|Regressive Death metal from Finland. Their 2nd album from 2009
1. Summoning (The True Face of Evil) 06:24
2. Stormtroopers 05:41
3. The Smoke 07:08
4. Unveil the Passage 01:19
5. Abomination 06:28
6. Last Rites 05:20
7. Downfall 06:28
Total playing time 38:51
One hell of a swansong - 97%
Written by iamntbatman on November 19th, 2009
Sometimes the most oft-used descriptions are the most accurate. In the case of Slugathor, the term "old-school" gets tossed around quite a bit and in this case, the description absolutely fits. The band worships at the altar of the heaviest death metal bands of yore but, impressively, has transformed from a "me too" old school death metal band into a crushing juggernaut of creative inspiration.
The biggest influence on Echoes From Beneath is probably Bolt Thrower, evidenced by the massively drop-tuned chugging guitar riffs, slower, doomy moments, moderate use of melodic elements and generally pummeling atmosphere. Other influences also rear their heads, notably older Finnish death metal bands such as Demigod. The songs are essentially riff-fests that move between chugging, thrash type riffs, faster tremolo sections and taffy-like doom sections. The guitar tone is absolutely gigantic. It's heavily distorted but there's almost no treble in this tone, just pure bassy goodness. As with Bolt Thrower's Those Once Loyal, the band manages to achieve this ludicrously low, heavy tone while still somehow leaving room for the bass to be heard. It just plays along with the guitar riffs for the most part but adds considerable weight to the already Louie Anderson-giving-a-piggyback-ride-to-Rosie-O'Donnell weight provided by the guitars. This ridiculously low riffing style leaves the higher end of the EQ free for those melodic leads to fill up. They're usually slow-burning affairs that occur during the vocal-free segments of the songs and there aren't really many solos going on (halfway through "The Smoke" there's something that's somewhere between a lead melody and a solo, which is pretty representative of the lead guitar work on the album) but they do contribute to the melodicism and add some much needed high end in what's otherwise a very bassy mix.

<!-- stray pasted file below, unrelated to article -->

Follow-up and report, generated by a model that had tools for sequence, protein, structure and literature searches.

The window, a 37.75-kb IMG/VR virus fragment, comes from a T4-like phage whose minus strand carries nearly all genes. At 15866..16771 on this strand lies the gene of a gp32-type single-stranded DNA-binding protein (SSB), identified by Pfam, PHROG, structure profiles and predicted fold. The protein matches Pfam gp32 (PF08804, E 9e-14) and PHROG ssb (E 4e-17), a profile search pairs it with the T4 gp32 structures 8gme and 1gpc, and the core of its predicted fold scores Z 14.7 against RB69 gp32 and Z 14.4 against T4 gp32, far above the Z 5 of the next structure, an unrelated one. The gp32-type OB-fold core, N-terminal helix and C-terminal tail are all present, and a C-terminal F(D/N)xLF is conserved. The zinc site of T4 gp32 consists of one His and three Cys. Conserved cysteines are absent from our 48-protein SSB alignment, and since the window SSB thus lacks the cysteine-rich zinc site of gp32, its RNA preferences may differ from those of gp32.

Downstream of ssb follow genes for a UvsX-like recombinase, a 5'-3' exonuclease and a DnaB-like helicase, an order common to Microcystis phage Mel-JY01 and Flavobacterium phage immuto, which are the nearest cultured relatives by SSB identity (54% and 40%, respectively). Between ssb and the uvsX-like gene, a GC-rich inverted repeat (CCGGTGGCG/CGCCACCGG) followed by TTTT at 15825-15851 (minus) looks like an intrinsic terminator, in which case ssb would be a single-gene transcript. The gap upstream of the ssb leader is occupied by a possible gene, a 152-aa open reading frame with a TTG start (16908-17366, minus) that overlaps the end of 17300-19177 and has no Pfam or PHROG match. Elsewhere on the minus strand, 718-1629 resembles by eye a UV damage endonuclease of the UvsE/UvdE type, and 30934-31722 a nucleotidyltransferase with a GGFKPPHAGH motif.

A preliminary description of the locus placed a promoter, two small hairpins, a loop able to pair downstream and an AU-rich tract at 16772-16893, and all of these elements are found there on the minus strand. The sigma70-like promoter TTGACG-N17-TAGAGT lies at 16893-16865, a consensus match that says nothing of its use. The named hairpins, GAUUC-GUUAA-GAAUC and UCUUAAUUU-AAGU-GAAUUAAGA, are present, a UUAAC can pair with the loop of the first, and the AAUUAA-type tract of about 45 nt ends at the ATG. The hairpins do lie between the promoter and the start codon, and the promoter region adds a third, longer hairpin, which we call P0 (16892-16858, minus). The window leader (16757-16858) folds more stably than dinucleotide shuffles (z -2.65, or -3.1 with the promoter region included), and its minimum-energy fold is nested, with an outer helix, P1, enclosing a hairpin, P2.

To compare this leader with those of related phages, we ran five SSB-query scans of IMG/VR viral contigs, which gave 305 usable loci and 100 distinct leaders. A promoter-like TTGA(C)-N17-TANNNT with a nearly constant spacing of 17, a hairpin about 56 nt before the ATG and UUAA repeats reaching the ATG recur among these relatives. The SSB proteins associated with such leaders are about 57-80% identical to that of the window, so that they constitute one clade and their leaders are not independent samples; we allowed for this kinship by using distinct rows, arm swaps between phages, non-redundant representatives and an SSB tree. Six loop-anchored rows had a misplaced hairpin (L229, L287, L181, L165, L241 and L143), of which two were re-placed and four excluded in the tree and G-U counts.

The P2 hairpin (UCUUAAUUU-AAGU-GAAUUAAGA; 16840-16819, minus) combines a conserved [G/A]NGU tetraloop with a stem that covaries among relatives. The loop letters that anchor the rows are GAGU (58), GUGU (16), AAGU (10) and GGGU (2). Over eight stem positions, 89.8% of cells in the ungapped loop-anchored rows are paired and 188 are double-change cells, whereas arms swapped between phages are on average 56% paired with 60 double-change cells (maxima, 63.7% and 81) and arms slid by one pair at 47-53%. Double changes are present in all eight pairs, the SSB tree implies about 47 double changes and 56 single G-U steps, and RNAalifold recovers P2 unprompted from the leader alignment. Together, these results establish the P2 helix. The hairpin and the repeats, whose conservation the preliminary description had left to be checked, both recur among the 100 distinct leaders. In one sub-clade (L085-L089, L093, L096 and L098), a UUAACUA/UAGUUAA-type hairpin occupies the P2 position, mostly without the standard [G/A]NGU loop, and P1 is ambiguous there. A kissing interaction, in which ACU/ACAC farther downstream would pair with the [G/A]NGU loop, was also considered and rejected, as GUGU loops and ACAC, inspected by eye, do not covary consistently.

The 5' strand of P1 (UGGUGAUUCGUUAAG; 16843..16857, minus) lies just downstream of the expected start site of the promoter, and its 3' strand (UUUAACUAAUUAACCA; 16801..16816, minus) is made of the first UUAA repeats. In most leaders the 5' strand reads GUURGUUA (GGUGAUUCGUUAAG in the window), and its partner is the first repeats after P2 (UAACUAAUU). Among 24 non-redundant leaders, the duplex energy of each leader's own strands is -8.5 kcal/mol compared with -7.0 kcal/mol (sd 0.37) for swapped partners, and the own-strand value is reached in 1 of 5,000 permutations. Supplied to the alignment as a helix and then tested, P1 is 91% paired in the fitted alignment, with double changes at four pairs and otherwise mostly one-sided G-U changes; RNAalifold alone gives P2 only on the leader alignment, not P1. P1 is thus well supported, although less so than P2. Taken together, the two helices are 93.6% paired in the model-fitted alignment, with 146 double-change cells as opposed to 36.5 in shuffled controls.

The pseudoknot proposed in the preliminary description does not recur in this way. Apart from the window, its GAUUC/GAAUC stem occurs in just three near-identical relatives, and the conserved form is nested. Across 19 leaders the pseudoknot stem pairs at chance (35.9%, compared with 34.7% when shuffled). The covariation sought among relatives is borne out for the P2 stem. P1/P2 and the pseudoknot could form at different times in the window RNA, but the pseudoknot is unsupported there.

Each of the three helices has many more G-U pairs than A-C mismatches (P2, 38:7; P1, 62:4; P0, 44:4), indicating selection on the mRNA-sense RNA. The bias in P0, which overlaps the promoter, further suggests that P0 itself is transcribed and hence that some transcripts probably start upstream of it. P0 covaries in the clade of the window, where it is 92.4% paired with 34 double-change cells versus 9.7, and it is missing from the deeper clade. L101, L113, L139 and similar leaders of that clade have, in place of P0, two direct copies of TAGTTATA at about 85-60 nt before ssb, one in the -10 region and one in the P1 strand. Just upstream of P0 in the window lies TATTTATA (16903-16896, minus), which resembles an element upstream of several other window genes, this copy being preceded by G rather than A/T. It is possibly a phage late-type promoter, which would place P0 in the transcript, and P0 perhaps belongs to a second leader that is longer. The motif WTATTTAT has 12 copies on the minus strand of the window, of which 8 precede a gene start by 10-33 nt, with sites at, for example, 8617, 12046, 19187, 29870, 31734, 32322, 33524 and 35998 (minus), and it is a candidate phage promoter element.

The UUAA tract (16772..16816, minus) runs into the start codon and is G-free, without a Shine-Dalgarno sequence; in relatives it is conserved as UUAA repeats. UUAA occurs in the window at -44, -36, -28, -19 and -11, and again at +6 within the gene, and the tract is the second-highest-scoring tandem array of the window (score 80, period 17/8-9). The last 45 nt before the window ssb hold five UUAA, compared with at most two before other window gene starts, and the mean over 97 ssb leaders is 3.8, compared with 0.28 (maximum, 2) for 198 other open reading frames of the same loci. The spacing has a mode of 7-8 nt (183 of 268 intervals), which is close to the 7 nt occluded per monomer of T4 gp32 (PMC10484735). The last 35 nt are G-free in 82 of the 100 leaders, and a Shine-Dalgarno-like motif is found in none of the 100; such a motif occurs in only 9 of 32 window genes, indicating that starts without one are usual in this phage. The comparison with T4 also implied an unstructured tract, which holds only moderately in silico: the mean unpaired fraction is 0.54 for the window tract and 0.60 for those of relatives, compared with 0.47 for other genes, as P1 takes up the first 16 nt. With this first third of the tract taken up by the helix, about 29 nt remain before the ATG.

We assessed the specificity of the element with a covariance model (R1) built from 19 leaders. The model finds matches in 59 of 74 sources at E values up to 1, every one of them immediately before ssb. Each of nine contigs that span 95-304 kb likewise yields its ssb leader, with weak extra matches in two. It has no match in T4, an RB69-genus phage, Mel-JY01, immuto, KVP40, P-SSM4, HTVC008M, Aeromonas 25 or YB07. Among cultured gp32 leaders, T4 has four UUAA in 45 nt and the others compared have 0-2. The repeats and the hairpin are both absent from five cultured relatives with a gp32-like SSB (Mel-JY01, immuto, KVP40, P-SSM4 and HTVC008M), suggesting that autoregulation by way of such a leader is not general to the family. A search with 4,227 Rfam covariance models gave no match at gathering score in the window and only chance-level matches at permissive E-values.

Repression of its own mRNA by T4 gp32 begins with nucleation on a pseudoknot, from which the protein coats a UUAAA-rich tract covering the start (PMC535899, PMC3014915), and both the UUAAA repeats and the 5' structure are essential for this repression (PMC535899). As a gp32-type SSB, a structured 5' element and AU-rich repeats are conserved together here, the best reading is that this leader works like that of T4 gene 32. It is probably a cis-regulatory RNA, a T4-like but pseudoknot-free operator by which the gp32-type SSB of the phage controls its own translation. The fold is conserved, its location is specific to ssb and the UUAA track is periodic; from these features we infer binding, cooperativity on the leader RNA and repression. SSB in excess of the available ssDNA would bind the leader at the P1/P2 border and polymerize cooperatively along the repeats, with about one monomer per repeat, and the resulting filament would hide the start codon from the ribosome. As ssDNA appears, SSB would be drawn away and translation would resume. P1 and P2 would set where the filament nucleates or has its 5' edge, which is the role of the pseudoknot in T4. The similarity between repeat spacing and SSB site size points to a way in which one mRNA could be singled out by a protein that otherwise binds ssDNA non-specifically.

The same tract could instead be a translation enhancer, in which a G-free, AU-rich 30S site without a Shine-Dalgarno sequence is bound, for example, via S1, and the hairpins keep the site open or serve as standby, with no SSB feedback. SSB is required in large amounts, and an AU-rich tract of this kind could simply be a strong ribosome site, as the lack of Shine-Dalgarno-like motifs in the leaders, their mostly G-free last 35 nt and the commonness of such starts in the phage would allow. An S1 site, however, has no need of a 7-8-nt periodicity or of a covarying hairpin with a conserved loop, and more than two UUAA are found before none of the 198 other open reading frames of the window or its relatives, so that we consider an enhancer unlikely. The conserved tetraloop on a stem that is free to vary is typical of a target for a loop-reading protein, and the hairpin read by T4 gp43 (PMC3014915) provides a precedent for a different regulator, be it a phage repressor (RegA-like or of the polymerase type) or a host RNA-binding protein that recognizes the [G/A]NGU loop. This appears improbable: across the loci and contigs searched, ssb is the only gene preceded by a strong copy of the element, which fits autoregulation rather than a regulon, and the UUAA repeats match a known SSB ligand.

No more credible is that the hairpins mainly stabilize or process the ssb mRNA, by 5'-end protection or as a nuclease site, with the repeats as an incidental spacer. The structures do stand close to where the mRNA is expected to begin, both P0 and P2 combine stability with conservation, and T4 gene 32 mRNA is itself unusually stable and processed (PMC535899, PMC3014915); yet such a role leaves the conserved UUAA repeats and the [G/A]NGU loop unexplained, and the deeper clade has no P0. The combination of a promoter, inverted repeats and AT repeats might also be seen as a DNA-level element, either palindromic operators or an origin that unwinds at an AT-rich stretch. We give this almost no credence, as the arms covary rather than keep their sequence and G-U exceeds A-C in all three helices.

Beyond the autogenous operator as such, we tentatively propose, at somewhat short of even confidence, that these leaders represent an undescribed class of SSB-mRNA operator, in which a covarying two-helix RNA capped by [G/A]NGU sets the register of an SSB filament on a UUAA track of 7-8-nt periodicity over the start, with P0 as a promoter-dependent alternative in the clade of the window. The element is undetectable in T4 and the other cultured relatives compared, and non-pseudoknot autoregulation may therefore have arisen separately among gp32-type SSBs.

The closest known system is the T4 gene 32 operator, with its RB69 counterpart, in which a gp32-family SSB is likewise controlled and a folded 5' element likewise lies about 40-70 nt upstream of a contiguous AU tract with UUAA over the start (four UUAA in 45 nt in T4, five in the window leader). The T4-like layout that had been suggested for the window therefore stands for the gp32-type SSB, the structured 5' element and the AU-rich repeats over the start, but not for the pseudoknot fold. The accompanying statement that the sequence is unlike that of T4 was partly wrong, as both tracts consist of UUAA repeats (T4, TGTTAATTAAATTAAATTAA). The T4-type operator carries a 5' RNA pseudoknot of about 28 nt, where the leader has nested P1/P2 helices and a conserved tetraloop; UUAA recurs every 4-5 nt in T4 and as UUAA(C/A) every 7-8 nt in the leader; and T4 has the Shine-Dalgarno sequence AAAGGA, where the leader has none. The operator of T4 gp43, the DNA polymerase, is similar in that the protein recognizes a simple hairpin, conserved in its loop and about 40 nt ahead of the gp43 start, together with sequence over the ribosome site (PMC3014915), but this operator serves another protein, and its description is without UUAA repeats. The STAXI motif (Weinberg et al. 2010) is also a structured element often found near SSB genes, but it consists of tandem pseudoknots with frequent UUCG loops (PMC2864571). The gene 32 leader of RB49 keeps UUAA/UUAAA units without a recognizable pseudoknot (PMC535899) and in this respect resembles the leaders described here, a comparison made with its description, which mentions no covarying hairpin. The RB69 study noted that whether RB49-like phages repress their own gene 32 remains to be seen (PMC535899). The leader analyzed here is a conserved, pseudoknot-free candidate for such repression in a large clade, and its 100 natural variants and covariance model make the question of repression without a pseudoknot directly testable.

I'm not normally a fan of ultra-deep growling, but the vocal approach Slugathor have always had and maintain on Echoes From Beneath is refreshing and the vocals are pulled off flawlessly so I can't help but love them. Essentially, the main vocals are along the lines of something you'd hear on a doom/death or even funeral doom album. Think Evoken and you're not too far off the mark. They're delivered in a slow, drawn-out way that lends a strong sense of oppressive atmosphere to the album. What really makes them special, though, are the straightforward black metal shrieks that serve as backing vocals. I'm not just talking about a couple of instances on the album, I'm talking about heavy use of these backing vocals that double the main vocals for about half of the album. They could stand to be a little higher in the mix, honestly, but they sound really good and mix perfectly with the deeper growls. You don't hear this kind of thing often enough in old-school death metal.
The drumming is very much in the Bolt Thrower vein. Faster riffs are usually kept in time with pounding double bass rolls and steady cymbal-snare patterns or a fairly simple punk beat. The slower sections have some really minimalist drumming, often just a cymbal keeping time with some accent drum hits. A few of the album's fastest riffs get the blastbeat treatment, but these are rare. The fills are pretty simple, as well. Overall the drumming is far from mind-blowingly technical but amping up the technicality over riffs as bone crushing as these would only make the drums sound over-indulgent.
The production and songwriting are the best we've yet seen from Slugathor. This record is more atmospheric than anything they've recorded before and it's really a treat to see a band use an influence like Bolt Thrower to craft something in a similar vein yet with a completely different aura about it. The way the band brings in the slow riff from opener "Summoning" into the closing minutes of the album are just plain class. This is absolutely essential listening for fans of crushing old-school death metal. Fans of more modern styles should give it a listen, too, as it's a lesson in how to instill weight into riffs and songs without resorting to blinding speed or technicality. A landmark release in the genre.